The Cavalier Daily
Serving the University Community Since 1890

'Freak Magnet' only repels listeners

Readers of The Cavalier Daily, I have suffered for you. Having never been much of a Violent Femmes fan, I did not know what to expect when I volunteered to review "Freak Magnet," their newest release.

Well, that's 45 minutes of my life that I will never get back.

The best thing I can say about "Freak Magnet" is that it isn't as bad as Hanson. Uninspiring, boring, bland, insipid -- these are just a few ways one could describe this album. Good albums make you think and/or tantalize your emotions, but this album does neither.

While music and movie critics traditionally write over the heads of their audience, I am going to sum up this album in five words, none of which are more than four letters long: It is very, very bad.

Quick Cut
Album: "Freak Magnet"
Artist: Violent Femmes
Freak Magnet
Hollywood is High
Grade: D-

The record opens with "Hollywood is High," a twangy little ditty that reintroduces us to the whiny vocal stylings of Gordon Cano. This song is not that bad, and compared to the album's title track it is a masterpiece. "Freak Magnet," the second song, is one of those poppy, bob your head from side-to-side songs that casual music listeners like and real fans hate.

"Sleepwalkin'" and "Rejoice and Be Happy," however, are songs that have the power to unite all music listeners in hatred. They sound like watered-down Ramones songs, the kind of pseudo-punk that Green Day started out with before they discovered the beauty (and financial success) of catchy choruses.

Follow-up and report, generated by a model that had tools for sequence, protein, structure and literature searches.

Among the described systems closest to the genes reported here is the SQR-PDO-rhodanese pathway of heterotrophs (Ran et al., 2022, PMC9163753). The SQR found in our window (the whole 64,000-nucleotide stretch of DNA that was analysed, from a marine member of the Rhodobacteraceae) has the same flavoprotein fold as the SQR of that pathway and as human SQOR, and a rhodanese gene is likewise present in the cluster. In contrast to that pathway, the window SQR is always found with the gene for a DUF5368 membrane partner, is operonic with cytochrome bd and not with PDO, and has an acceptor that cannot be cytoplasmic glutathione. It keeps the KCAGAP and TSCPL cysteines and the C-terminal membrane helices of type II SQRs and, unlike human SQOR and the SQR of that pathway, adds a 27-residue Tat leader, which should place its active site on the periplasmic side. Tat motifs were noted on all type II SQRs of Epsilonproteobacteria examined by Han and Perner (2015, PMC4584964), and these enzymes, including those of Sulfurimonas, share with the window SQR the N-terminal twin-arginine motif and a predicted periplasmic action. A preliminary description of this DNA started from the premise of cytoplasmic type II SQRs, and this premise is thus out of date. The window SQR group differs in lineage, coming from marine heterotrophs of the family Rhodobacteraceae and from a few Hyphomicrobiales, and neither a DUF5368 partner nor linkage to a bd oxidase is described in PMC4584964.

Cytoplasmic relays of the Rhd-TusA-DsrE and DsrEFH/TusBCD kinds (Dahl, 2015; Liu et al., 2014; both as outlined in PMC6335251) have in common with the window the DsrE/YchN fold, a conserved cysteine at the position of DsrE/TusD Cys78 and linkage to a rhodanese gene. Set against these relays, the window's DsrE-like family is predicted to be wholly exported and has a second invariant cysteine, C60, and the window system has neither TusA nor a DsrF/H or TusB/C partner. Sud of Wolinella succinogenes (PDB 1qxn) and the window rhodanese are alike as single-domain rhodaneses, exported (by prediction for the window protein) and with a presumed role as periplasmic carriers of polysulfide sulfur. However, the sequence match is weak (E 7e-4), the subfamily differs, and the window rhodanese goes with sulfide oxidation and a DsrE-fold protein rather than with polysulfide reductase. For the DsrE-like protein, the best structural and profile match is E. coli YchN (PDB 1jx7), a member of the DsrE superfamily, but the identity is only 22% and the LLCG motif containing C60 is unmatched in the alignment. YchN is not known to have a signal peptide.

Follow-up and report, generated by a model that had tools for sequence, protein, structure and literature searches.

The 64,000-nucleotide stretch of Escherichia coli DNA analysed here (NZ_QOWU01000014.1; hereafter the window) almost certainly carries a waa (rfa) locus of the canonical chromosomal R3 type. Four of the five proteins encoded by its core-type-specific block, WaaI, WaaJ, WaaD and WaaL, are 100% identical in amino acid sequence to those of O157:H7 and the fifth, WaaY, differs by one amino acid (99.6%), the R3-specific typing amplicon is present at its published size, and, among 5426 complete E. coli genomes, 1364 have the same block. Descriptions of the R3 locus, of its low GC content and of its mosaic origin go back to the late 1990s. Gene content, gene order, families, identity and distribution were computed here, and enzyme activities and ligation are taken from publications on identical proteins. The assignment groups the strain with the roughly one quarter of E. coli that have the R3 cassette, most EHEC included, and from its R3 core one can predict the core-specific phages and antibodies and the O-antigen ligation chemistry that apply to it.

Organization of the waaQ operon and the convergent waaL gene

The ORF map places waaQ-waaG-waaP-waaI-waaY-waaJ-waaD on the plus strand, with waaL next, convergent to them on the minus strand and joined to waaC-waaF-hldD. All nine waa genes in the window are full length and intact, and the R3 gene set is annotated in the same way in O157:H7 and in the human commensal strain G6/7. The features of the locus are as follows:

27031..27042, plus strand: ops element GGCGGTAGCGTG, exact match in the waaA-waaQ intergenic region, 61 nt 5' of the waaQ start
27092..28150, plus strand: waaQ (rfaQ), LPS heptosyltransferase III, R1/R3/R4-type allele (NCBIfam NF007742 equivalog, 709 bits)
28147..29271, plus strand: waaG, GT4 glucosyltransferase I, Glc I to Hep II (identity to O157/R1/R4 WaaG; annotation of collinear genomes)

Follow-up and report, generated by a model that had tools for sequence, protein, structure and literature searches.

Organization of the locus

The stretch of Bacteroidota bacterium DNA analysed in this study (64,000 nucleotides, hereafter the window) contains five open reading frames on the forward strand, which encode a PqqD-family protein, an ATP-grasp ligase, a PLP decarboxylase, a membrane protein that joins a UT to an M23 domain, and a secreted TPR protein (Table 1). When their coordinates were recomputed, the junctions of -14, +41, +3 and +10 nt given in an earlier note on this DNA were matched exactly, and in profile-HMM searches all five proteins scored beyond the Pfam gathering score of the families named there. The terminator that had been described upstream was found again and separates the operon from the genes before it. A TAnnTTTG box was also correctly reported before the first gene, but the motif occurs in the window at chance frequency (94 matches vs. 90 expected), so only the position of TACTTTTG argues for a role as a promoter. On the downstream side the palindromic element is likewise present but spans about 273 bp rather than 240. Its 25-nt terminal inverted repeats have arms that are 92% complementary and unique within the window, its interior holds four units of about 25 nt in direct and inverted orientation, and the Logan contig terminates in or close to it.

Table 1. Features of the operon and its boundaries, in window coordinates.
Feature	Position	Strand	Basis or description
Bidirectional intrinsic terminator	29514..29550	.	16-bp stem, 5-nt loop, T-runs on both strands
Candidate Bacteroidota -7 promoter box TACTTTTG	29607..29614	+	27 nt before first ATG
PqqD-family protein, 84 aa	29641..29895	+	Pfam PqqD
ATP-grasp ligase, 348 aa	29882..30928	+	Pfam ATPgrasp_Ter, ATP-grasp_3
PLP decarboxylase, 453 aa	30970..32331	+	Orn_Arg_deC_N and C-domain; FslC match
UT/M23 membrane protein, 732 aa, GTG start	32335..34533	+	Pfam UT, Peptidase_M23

Related Links
  • Violent Femmes website
  • The underwhelming bliss continues with "Mosh Pit," the only actual rock song on the album. This song is appropriately titled, I must say, because one might enjoy it more after getting knocked silly by an elbow to the skull.

    One positive aspect of this album is it features a variety of genres. "New Generation," for example, is a surf rock song, while "Forbidden" is a Beatles-esque love song. To my knowledge, however, the Fab Four and the Beach Boys never recorded anything this boring.

    The same can be said for Pink Floyd, who obviously were ripped off with "Happiness Is." When the first riffs come in you expect Cano to start singing, "We don't need no education" before a chorus of children kicks in. Instead you just get another boring song.

    One notable trait of this album is that only four of the 15 songs run longer than three minutes. Coincidentally, these four songs are the album's best. "All I Want" is a slow-paced acoustic track, "In the Dark" is reminiscent of the Meatpuppets, and "A Story" is an insomniac's dream. (In other words, it'll knock you out faster than a full bottle of NyQuil.)

    While these three songs (along with the four minute "Happiness Is") are bright spots on the album, they certainly do not deserve much acclaim. Compared to the aptly titled "I'm Bad" and the absolutely blasé "I Danced," these are Grammy-worthy recordings. But that's not saying much.

    Considering the Violent Femmes have released seven records in their 20 years of existence, one would think they would have developed a unique sound, rich with melody and fine in texture. Sadly, this is not the case. The band's performance on "Freak Magnet" displays almost no musical talent and does absolutely nothing for the listener. It sounds like the band was falling asleep as they worked in the studio, and their apathy is contagious.

    Grade: D-